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How Our Work Affects Our Child’s Behaviour

30th Mar 2020

As a parent with a young child, I often wonder how my own actions and emotions will influence her.  After all, we know that children primarily learn from their parents and that their home environment has a huge impact on their lives.  What if our everyday life has more of an impact on our children than we are aware of?  What if our own emotions caused by our working world has an impact on our children that we are unaware of?

As a speaker and trainer of Leadership across a huge array of industries, I regularly talk about the impact our own actions have on others.  So it actually came as a surprise to me when I read about a study by the University of Warwick and Kingston University London that showed children who had parents that worked long hours and spent less time at home, did not suffer any more emotionally than children who had parents that were at home much more often.  However, those that had parents that had jobs they hated, those children were much more likely to be the bully at school.

Now I relate this to what I teach and please let me be very clear, in no way am I blaming the parents.  We all must release our emotions and despite our best efforts, sometimes we inadvertently affect the ones we love.  The fact of the matter is, we have a huge bullying issue here in the UK and it’s growing more and more so what if we could each control just one small part of it?  Now despite being somewhat of a self-confessed idealist, my thoughts and ideas are always based around facts and scientific studies and I wanted to share how we can all contribute to help reduce this horrific epidemic.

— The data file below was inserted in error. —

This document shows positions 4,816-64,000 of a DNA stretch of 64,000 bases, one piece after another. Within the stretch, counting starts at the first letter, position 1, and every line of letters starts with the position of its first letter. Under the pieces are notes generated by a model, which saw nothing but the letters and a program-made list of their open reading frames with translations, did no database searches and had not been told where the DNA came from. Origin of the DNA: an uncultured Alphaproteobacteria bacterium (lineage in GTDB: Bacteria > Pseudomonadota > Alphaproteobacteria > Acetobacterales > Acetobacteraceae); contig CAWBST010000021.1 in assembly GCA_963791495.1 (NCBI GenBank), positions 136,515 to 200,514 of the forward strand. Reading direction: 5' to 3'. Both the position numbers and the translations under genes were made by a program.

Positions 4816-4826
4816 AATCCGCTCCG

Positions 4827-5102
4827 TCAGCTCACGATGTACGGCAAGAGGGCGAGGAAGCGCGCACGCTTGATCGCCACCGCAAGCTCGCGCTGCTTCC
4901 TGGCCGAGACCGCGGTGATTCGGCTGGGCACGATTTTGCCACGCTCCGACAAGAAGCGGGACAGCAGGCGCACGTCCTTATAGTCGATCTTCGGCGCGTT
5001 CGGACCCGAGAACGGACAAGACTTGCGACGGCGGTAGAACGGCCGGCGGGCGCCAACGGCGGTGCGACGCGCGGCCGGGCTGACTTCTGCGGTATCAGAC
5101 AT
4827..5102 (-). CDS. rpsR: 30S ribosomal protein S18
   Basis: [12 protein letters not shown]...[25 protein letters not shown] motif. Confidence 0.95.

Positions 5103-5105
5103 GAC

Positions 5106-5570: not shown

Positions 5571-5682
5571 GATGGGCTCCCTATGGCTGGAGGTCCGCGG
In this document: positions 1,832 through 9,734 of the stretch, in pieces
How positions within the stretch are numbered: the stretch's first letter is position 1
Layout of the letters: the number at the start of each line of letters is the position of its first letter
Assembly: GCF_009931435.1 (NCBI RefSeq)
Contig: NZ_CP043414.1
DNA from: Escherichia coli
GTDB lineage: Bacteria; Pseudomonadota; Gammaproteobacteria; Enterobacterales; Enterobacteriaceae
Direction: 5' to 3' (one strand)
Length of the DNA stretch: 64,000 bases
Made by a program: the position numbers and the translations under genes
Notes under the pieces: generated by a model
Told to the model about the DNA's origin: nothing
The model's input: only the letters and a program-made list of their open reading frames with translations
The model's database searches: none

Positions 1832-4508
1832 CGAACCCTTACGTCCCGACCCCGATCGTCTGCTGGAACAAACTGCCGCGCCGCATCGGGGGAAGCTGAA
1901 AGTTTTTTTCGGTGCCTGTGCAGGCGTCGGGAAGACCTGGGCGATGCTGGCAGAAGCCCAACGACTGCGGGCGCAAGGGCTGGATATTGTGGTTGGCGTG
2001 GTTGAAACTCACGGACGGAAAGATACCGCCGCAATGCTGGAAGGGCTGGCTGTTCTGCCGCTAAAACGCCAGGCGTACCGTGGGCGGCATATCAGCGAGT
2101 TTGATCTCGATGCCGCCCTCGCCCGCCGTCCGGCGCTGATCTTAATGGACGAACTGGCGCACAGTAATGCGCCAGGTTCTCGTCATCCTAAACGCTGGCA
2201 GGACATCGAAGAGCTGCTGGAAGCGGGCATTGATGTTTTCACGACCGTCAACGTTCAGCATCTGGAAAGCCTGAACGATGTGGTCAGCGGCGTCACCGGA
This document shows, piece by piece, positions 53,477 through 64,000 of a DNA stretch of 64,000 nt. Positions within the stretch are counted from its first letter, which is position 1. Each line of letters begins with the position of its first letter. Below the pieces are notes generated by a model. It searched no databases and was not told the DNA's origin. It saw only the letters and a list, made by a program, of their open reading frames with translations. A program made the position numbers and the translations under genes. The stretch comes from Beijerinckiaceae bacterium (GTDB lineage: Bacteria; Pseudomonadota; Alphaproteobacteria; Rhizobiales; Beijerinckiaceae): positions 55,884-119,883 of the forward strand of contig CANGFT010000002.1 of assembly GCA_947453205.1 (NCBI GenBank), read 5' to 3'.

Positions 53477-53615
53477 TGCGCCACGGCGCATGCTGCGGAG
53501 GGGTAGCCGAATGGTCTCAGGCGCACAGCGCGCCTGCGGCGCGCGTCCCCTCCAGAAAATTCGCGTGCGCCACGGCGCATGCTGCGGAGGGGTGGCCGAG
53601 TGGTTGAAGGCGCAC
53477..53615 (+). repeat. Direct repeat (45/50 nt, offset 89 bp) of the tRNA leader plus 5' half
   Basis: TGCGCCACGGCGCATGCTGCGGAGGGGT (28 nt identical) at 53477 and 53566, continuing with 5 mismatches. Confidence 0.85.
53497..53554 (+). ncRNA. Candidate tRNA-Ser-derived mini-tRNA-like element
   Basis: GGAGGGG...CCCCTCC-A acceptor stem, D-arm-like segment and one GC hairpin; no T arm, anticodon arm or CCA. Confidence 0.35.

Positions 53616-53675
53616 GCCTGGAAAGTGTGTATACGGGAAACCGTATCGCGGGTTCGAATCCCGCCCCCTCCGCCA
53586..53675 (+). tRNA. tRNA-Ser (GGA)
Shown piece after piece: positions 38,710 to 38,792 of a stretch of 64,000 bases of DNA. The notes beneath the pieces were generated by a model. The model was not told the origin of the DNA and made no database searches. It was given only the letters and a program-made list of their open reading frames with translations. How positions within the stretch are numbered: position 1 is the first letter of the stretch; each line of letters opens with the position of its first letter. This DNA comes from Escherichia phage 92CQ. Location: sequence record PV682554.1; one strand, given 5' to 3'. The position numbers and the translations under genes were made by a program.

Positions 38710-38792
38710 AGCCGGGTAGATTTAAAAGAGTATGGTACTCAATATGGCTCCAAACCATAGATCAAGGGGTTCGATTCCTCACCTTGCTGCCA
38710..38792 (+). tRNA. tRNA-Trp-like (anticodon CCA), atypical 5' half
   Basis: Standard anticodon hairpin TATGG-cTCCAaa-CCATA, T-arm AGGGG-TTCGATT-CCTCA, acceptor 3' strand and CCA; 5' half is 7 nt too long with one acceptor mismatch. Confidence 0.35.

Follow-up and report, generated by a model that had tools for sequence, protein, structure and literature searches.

It’s very easy to blame both parenting and the schools that have the bullies, but what if we look outside the box a little more and consider the jobs we have and the working environments we as parents spend so much of our time immersed in.  It may seem an obvious thing to say that people who love their jobs and are fulfilled by it are much happier people and naturally their happiness rubs off on others and therefore makes them happier.  So, what if I said that YouGov Research shows that 37% of employed people in the UK think their job is either meaningless or are completely unfulfilled by it and another 13% are unsure.  That’s half of our working population that have no real inspiration to go back to work the next day.

Here is why our working world is so important in relation to how our children will grow up and the relationships they will form with others: If we don’t enjoy our jobs and the people who we work with, we won’t look out for them.  If we don’t look out for them, they won’t look out for us.  If no-one looks out for us, we feel lonely,  When we feel lonely, we become negative and that negativity rears up when we get home and that has an impact on our children who are absorbing all of the information that we are both consciously and subconsciously emitting.

Now don’t get me wrong, we will all have days at work we don’t enjoy, and we will all go through times at work where we will look for another job to become more fulfilled.  However, if we can look after each other and become happier people, this will change our mindset and this in turn will help educate the young minds of our children to grow into the young adults that we all hope they will become.

At the time of writing this, there has been a huge social media campaign recently to encourage people to “Be Kind” and I feel this is a very prevalent time to write this piece.  If we want our younger generation to grow into this world where we can protect them from the horrendous emotional difficulties that comes with bullying, I implore you please to start with yourselves, enjoy your working environment more by helping others, consider the impact of your own actions and let’s show our children that not only can they flourish in their own environments, but they too can help others.

Jamie Giovnilli

10/90 Programme


Workplace Bullying

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